HP’s controversial Value System Integrator sales programme hasn’t been taken out the back and murdered, contrary to the wishful thinking from some in the channel – but it is being scaled back.
The mechanism started in the public sector in the noughties as a way to beat Dell on pricing, by removing distributors from the supply chain and using that margin to give customers deeper discounts.
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Thomas Jenson, HP’s worldwide veep of channel sales, confirmed VSI continues to linger in the background: “We re-purposed it, took it back to its roots; it started as a means to service the public sector”.
“With that in mind, it is becoming less of a focus,” he added.
The initial idea was that HP would not pay resellers any soft margin or marketing funds, just a one per cent rebate, and allow them to boost their coffers by wrapping products in their own tech services.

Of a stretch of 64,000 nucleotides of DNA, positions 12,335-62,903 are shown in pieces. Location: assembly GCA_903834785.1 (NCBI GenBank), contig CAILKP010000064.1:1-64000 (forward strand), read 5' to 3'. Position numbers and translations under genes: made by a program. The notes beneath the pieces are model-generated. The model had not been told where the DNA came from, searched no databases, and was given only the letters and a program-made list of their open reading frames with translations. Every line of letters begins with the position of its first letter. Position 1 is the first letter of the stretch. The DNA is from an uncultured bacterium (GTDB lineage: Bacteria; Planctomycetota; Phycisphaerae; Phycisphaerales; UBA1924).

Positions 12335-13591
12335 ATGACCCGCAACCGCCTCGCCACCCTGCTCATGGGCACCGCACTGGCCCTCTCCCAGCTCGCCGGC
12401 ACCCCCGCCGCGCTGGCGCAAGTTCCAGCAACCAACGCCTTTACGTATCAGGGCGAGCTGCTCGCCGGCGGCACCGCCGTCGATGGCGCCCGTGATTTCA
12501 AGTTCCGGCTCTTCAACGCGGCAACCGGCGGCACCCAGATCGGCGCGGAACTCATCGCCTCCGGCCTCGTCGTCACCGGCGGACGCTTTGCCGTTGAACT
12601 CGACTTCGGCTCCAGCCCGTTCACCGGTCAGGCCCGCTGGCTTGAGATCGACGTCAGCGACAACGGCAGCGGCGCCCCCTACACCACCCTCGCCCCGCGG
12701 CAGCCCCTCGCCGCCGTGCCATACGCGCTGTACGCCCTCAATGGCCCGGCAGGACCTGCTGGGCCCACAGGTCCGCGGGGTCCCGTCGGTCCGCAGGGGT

The model expanded to the private sector, and often saw HP competing against third-party sellers that were supposed to be its nearest and dearest.
VSI, along with HP’s decision to ask account managers in the Enterprise Group to manage PC resellers as the PC account managers built direct sales, created a wave of disillusioned partners.
Arguably, these two aspects opened the door more widely to let Lenovo work more with businesses including SCC, Softcat, Kelway and a bunch of other big resellers.
One partner told us, that ironically, VSI “lost HP” lots of business because it pitted the vendor’s direct sales reps against the channel.
HP CEO Meg Whitman sought to remove channel conflict when she started, setting out rules to govern the behaviour of internal sales reps; and passed some enterprise accounts that were directly managed to channel types.
The channel accounts for roughly 80 per cent of HP’s breakaway PC and print business, which has 60,000 people on its payroll. HP remains the biggest shifter of PCs in Europe and the Americas.
HP’s Jenson told us VSI accounts for a “small proportion of the business" and is still used in certain deals where “we are under incredible price pressure and we don’t want to lose.” ®